Chipmunk is named for her call – “chip-chip,” which sounds like a shrill bird-like chirp. Besides the chip-chip, She also employs a deep chuck, a trill, and a high-pitched startle call. Upon hearing her faint high chip, a dog’s ears will perk up. By the time the dog reacts, Chipmunk will be safe underground.
Living in North America and Siberia, Chipmunk is famous for her propensity to store seeds. People often see Her scurrying about with bulging cheeks full of seeds. Her cheeks can expand to equal her size. They allow Chipmunk to carry her food back to her burrow to eat. During the year, She collects and stores seeds in her vast complex of tunnels, doing most of her activity in the fall.
Besides seeds, Chipmunk will eat frogs and birds. Since She is an omnivore, She adds fungi and vegetables to her diet. Her eating habits help to spread various fungus and tree species. With the fungi, Chipmunk disperses the spores in several ways from storing the fungus to breaking it apart. By harvesting and hoarding seeds, She spreads many species of trees throughout the forest.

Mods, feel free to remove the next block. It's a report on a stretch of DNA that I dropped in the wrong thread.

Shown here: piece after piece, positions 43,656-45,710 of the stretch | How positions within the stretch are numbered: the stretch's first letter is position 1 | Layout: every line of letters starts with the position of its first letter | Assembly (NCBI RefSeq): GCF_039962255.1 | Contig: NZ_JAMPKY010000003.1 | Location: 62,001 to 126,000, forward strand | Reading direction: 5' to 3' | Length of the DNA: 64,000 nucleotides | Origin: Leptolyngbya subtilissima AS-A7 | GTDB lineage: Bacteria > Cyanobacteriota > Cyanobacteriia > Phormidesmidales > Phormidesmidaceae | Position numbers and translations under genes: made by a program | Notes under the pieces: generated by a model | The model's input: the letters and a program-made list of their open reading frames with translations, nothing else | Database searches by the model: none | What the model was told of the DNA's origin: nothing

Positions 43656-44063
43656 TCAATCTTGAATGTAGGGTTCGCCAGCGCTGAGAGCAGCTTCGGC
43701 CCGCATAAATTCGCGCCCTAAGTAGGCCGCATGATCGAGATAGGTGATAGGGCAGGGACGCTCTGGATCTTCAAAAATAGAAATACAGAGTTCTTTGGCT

The underground burrow of Chipmunk has three areas for food, sleeping, and waste. Preferring sloping ground for drainage, She digs tunnels below the surface to her various chambers and for escape routes. Chipmunk can burrow through stone walls and concrete foundations, which makes Her a pest to some people. Except during mating season, Chipmunk lives by Herself in her home.
Chipmunk teaches people how to husband their resources. She stashes seeds to keep her well-supplied in food. During the winter, Chipmunk will “half-hibernate,” waking from time to time to eat. Some of the seeds, She eats right away, the others Chipmunk will save for the future. She also helps to disperse tree species, which in turn provides future sources of food. People can learn from Chipmunk how to save and when to use their various resources.